Evaluating Dowell Loggains is more complicated than you think

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Bears offensive coordinator Dowell Loggains. | Nam Y. Huh/AP

A fun fact about the 2016 Bears: Their three victories have come with a different quarterback at the helm.

Brian Hoyer beat the Lions. Jay Cutler beat the Vikings. And Matt Barkley just beat the 49ers.

“The identity of your offensive unit goes through the quarterback,” offensive coordinator Dowell Loggains said recently. “What are his strengths? What are his weaknesses? What does he do well?

“Our games changed when it was Jay to Brian and back to Jay and now to Matt. The offense evolves a little bit. People are asked to do different things.”

There’s more, of course.

The Bears started rookie Cody Whitehair at center — a position he didn’t play in college — with less than a week’s worth of preparation. They’re down to their fourth, fifth, sixth and seventh wide receivers because of injuries to Kevin White and Eddie Royal and Alshon Jeffery’s suspension. No. 1 tight end Zach Miller is out with a broken foot. Whitehair and left tackle Charles Leno Jr. are the only offensive players to start (and finish games) every week.

“Continuity, it has not existed,” Loggains said.

It’s not a watertight excuse. Injuries happen in the NFL. But the Bears’ attrition has been the worst in the NFC, and they’re implementing a youth movement.

It’s all part of the context in which Loggains’ first season as the Bears’ play-caller will be evaluated. If coach John Fox’s season gets an asterisk because of injuries, shouldn’t Loggains’?

Outside Halas Hall, Loggains has become an easy scapegoat for the Bears’ woes. But seriously evaluating his performance involves more than suggesting that he needs to run the ball more.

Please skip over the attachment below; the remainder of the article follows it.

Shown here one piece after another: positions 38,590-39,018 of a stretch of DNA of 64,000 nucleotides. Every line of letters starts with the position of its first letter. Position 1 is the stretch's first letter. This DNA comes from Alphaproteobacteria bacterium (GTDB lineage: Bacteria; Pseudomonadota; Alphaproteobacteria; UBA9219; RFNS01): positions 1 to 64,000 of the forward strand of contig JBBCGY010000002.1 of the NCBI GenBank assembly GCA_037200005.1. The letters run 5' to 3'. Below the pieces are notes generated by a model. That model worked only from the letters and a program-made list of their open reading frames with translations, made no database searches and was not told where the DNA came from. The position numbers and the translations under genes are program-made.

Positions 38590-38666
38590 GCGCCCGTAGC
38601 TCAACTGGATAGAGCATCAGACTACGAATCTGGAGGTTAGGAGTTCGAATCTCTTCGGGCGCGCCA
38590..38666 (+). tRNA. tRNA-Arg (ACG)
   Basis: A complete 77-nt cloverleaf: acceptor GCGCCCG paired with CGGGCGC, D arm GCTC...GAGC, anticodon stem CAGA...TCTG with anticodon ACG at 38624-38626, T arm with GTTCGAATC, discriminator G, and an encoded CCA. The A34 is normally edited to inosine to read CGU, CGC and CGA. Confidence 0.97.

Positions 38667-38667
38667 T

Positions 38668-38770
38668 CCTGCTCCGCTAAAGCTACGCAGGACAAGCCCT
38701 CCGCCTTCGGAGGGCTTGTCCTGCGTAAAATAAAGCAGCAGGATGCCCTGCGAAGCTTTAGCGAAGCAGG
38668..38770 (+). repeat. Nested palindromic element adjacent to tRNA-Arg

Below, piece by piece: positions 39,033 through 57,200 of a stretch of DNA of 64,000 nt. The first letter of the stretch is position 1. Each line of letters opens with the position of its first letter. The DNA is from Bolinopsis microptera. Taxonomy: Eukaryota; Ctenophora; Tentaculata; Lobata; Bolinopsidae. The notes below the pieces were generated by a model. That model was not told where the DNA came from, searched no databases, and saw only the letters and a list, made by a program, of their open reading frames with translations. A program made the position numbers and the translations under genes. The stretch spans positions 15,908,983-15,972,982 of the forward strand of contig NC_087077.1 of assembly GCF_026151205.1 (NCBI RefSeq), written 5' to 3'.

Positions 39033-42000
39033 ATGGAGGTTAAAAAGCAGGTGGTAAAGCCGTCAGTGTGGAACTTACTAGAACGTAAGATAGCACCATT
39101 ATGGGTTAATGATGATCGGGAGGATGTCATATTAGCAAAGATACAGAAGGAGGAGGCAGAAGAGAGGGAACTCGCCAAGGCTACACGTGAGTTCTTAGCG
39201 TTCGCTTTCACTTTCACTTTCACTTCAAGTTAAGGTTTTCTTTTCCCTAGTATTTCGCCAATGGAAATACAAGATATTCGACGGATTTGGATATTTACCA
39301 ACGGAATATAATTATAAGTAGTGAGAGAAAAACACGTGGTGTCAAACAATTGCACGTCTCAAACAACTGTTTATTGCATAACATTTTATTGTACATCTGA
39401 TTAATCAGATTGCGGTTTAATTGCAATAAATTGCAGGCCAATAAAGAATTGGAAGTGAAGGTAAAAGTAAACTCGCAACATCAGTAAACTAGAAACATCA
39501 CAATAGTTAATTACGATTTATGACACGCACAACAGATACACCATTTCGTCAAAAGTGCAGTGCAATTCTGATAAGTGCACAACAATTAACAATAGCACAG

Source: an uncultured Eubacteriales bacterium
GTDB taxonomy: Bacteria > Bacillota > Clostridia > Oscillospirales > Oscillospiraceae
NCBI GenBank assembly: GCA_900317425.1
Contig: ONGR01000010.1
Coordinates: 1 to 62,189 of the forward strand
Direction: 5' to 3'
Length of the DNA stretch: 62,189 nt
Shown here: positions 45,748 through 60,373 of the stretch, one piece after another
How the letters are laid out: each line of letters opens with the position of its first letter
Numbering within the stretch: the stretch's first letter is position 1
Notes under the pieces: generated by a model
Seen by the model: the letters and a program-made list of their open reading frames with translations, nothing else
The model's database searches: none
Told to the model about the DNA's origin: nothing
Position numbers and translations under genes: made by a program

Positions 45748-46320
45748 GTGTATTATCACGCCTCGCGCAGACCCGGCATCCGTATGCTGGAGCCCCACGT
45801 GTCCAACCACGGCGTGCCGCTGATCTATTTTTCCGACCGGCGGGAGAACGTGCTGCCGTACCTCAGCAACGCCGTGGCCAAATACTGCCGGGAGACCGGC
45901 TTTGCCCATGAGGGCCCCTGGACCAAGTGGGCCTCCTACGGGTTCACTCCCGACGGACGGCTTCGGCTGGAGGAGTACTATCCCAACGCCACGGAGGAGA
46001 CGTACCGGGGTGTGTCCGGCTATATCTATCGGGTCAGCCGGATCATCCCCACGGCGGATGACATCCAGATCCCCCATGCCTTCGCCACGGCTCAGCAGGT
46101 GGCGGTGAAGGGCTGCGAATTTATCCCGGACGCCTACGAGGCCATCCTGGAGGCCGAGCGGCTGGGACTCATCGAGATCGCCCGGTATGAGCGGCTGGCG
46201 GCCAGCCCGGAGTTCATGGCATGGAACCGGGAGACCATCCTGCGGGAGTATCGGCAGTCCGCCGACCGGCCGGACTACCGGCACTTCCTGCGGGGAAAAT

Fox’s defense of defensive coordinator Vic Fangio on Wednesday also was a defense of Loggains.

“Going on our fourth quarterback, I couldn’t be more proud of our staff,” Fox said. “I’ll just leave it at I’m very, very pleased with our staff.”

Fox did go a step further, though.

“I want our whole staff back,” he said.

Former offensive coordinator Adam Gase maneuvered through injuries last season, but he still had Cutler under center for 15 games.

Loggains was promoted, in part, because of his relationship with Cutler, but three of Cutler’s five starts were hindered by his injuries.

Loggains and his staff’s best coaching arguably came without Cutler.

Hoyer didn’t produce enough wins, but he had the best stretch of his career in his four full starts before he broke his arm. It included a career-best completion percentage and no interceptions.

Starting Sunday in Detroit, the difficulty level increases for Barkley, but he appears to have resurrected his NFL career under Loggains.

In the six games that Hoyer and Barkley have started and finished, they’ve combined to complete 65 percent of their passes for 1,826 yards and nine touchdowns with two interceptions. They’ve been sacked only five times.

Again, more wins are needed, but the success of Hoyer and Barkley still speaks to Loggains’ ability to adjust.

Loggains has been criticized for not running enough, but rookie Jordan Howard still should surpass 1,000 rushing yards. Howard didn’t start until Week 4.

Overall, the Bears’ defense has been better than the offense. Fangio has handled injuries well. But both sides are culpable in the team’s 3-9 record.

Complementary football?

It’s a nice idea to discuss. But how is Hoyer supposed to complement the defense against the Cowboys in his first start when the team falls behind 24-3 in the first half.

Hoyer admitted he missed throws in the loss to the Colts, but the Bears still led 23-19 midway through the fourth quarter before the defense allowed 10 more points.

That’s the past, though.

For now, all eyes should be on Barkley. The better he plays against better competition, the more credit Loggains and his assistants deserve.

Loggains has embraced his reality.

“I see it as an opportunity to grow; I see it as a challenge,” he said. “This is what we’re dealing with.”


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